|Headquarters||Charlotte, North Carolina, United States|
Wachovia, based in Charlotte, North Carolina, is a diversified, wholly owned financial services subsidiary of Wells Fargo. As an independent company, it was the fourth-largest bank holding company in the United States based on total assets.
Starting in 2009, the Wachovia brand is being absorbed into the Wells Fargo brand, in a process that was initially estimated to last three years. In July 2009, Wachovia Securities became Wells Fargo Advisors. The merger of Wells Fargo and Wachovia bank charters is scheduled for completion in March 2010. States containing both brands (not converted already) will convert in 2010 and all remaining branches will re-brand in 2011 to the Wells Fargo brand.
Wachovia provides a broad range of banking, asset management, wealth management, and corporate and investment banking products and services. It is one of the largest providers of financial services in the United States, operating financial centers in 21 states and Washington, D.C., with locations from Connecticut to Florida and west to California. Wachovia provides global services through more than 40 offices around the world.
It served retail brokerage clients under the name Wachovia Securities nationwide as well as in six Latin American countries, and investment banking clients in selected industries nationwide. In 2009, Wachovia Securities was the first Wachovia business to be converted to the Wells Fargo brand, when the business became Wells Fargo Advisors. Wachovia also operates Calibre, its wealth management services to ultra-high net worth families with net worth exceeding $25 million.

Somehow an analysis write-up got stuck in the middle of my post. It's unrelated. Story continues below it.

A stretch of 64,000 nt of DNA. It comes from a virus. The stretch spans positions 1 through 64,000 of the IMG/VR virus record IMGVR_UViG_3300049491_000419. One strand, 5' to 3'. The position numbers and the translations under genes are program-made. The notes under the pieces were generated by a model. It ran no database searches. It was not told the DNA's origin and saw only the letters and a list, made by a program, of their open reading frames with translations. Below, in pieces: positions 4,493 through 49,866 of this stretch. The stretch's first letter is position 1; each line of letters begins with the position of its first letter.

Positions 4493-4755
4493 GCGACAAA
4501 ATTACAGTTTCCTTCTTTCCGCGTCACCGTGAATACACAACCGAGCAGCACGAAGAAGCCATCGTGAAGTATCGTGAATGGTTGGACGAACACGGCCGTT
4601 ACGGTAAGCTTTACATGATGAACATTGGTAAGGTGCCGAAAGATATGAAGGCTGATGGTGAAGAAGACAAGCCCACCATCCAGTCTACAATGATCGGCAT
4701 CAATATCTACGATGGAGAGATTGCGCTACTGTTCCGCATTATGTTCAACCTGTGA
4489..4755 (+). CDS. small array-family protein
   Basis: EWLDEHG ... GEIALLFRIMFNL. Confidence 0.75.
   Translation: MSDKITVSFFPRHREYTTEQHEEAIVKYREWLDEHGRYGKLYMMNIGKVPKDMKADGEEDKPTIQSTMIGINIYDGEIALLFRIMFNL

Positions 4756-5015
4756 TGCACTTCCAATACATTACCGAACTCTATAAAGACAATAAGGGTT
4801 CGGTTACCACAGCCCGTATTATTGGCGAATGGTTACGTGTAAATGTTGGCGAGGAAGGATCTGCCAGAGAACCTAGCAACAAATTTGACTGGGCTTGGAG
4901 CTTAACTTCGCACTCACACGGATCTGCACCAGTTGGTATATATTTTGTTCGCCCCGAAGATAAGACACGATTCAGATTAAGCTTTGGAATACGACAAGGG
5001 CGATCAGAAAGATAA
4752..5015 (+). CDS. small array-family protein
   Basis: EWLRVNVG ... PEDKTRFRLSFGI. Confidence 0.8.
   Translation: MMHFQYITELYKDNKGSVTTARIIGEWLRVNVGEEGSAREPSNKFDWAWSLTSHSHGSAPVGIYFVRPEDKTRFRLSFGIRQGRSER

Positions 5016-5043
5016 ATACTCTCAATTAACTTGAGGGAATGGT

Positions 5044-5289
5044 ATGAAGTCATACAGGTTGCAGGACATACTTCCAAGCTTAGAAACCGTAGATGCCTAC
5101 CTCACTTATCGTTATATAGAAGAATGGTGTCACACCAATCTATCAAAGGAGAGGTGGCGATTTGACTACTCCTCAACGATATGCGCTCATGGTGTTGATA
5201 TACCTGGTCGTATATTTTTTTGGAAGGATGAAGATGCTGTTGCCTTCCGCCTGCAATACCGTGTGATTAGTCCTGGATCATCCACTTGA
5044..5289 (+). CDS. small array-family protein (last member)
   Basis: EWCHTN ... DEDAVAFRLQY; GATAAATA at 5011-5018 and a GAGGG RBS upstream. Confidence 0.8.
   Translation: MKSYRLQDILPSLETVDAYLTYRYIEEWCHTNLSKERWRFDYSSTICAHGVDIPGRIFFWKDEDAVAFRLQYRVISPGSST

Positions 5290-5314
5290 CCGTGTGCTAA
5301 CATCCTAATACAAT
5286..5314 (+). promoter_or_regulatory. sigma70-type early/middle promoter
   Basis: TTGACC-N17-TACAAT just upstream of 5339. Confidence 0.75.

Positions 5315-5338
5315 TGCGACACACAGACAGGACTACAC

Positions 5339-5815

The company's corporate and institutional capital markets and investment banking groups operate under the Wachovia Securities brand, while its asset management group operates under the Evergreen Investments brand.
Wachovia Corporation was originally created by the merger of the legacy Wachovia Corporation and First Union Corporation. First Union was considered the acquirer in the transaction with Wachovia, although the transaction was structured as a tax-free union of equals and the combined entity chose to retain the Wachovia name.
Wachovia (pronounced /wəˈkoʊviə/ wə-KOE-vee-ə) has its origins in the Latin form of the Austrian name Wachau. When Moravian settlers arrived in Bethabara, North Carolina, in 1753, they gave this name to the land they acquired, because it resembled the Wachau valley along the Danube River. The area formerly known as Wachovia now makes up most of Forsyth County, and the largest city is now Winston-Salem.